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In the first years of the 19th century, the Alsea, the Amahami (Anahami, Ahaharway, Wattasoon), the Arikara (Sahnish), the Assinboin, the Atsina (Gros Ventre), the Bannock, the Blackfeet, the Cathlamet (Kathlamet), the Cayuse, the Chehalis (Chilwitz, Chiltz), the Cheyenne, the Chinook, the Clackamas, the Clatskanie, the Clatsop, the Cowlitz, the Crow (Absaroka), the Flathead (Salish), the Hidatsa, the Kickapoo, the Klickitat (Klikitat), the Kootenai (Kootenay, Kutenai), the Mandan, the Minitari (Minnetaree), the Missouri, the Multnomah, the Nez Perce (Sahaptin, Shahaptin), the Omaha, the Oto, the Palouse (Palus), the Pawnee, the Quinault, the Shoshone (Snake), the Siletz, the Siuslaw, the Skilloot, the Tenino, the Teton Sioux, the Tillamook, the Umatilla, the Umpqua, the Wahkiakum (Wahkiaku), the Walla Walla (Walula), the Wanapum (Wanapam, Sokulks), Wasco (Kiksht), the Wishram (Wishham, Tlakluit), the Yakima, and the Yankton Sioux (Western Dakota) discovered Meriwether Lewis and William Clark.


Kaw Point Industrial Park, Kansas City, KS


This book was written on the ancestral lands of the Osage and the Kaw, currently known as Kansas City, Missouri. In 1803 Meriwether Lewis and William Clark spent three unremarkable days here at the confluence of the Kansas and Missouri rivers as they made their way to the Pacific Ocean, surveying the land bought in the Louisiana Purchase. They passed through this area after French fur trappers, Spanish conquistadors, and English traders, who all came after the Kaw, the Osage, the Missouri and dozens of other Natives from around region, passing through for travel and trade routes. I have no affiliation with any of the dozens of tribes that encountered these two men, however, I am currently occupying the land “discovered” by the expedition and am surrounded everyday by hints, suggestions, and propaganda to remind me of this. The six men on the trip who were literate wrote in journals every day, filling thousands of pages to be shared and spun like yarn, adding yet another tale of discovery to the founding stories of this nation. As a country born of settler colonialism, slavery, and white supremacy, this nation’s creation stories are smoothed over, spoken in hushed tones, violently suppressed, and over exaggerated, often to soothe guilt. Beautiful ancestral knowledge of this land has been ripped from the Native people, bent, twisted, repackaged to be presented as “new” and as a “discovery” while hiding any visible ties to a past Indigenous history. Settlers’ telling of history shape the monuments, textbooks, plaques, and museums. We have purposefully turned away from the complexities of our nation for long enough to lose nauance and historical accuracy. 213 years after the Corps of Discovery, I traveled the same path beginning in St. Louis, MO up the Missouri River northwest to the headwaters in Montana, crossed the Rockies, and followed the Columbia River west out to the Pacific Ocean. Along the trail, I installed plaques and markers in an attempt to redirect the narrative of Lewis and Clark to a broader context. The text on three of these plaques was written specifically for their locations by Juan William Chavez, José Faus and Stephanie Knappe, and a fourth plaque is a quote from Roberta Conner’s essay Our People Have Always Been Here. I am grateful for their words that have inspired and guided me. This project has given me the opportunity to dig deeper into the historical memory of the region I currently occupy and to ask how the weight of history guides our relationship with the land in pervasive and unseen ways. Thank you for reading. —Issac Logsdon, 2018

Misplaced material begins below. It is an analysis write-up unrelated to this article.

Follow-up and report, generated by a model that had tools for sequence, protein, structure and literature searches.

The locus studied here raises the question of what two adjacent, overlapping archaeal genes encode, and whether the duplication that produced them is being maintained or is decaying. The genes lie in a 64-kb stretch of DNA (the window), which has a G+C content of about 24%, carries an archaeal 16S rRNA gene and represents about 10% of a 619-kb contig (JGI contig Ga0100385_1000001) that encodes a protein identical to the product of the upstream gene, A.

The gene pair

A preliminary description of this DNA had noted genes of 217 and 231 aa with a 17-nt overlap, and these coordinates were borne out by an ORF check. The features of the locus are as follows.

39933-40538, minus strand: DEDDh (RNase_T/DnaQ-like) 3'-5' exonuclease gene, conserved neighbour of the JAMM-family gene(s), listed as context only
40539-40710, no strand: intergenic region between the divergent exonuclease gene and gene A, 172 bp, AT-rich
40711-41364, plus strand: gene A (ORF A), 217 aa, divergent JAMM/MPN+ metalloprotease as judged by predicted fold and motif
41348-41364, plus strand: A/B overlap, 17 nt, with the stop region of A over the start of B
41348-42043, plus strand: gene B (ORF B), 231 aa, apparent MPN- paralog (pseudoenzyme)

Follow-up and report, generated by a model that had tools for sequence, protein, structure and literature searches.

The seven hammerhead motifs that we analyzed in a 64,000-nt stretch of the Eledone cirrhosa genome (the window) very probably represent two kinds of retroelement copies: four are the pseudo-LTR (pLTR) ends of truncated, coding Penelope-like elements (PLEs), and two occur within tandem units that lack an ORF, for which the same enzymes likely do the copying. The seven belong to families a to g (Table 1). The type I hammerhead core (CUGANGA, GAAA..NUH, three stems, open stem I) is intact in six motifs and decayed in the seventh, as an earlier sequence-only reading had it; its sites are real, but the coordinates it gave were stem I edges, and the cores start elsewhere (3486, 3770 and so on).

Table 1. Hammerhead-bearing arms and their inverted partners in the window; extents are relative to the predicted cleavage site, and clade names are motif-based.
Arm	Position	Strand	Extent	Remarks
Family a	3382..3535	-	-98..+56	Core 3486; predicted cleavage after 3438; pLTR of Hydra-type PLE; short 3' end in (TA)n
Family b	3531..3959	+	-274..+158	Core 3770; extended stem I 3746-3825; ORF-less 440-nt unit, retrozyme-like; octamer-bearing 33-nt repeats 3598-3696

BLACKFEET

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Museum of the Plains Indian

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Lewis and Clark Interpretive Center

Knife River Indian Villages National Historic Site

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BISMARCK

Fort Abraham Lincoln State Park On-A-Slant Village

TETON SIOUX

tone R i v e r

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Pompeys Pillar National Monument NORTHERN CHEYENNE

S O U T H D A K O T A

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Lake Oahe TETON SIOUX

NORTHERN CHEYENNE

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Lily Park Bad River Confluence/Teton Council site

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SANTEE SIOUX BIG BEND

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Lower Brule TETON SIOUX 90

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Lewis and Lewis a Visito

Lake Francis Case

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Sacajawea Interpretive Center

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Missouri Headwaters State Park

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Three Forks of the Missouri

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Big Hole National Battlefield

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Fort Mandan

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Tamástslikt Cultural Institute

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Long Camp

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Lake Sakakawea

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Canyon Ferry Lake

Travelers’ Rest State Park

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Hat Rock State Park

PENDLETON

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Weippe Prairie

NEZ PERCE

Charles M. Russell National Wildlife Area

Judith River

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Three Affiliated Tribes Museum

Giant Springs State Park

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Columbia Gorge Interpretive Center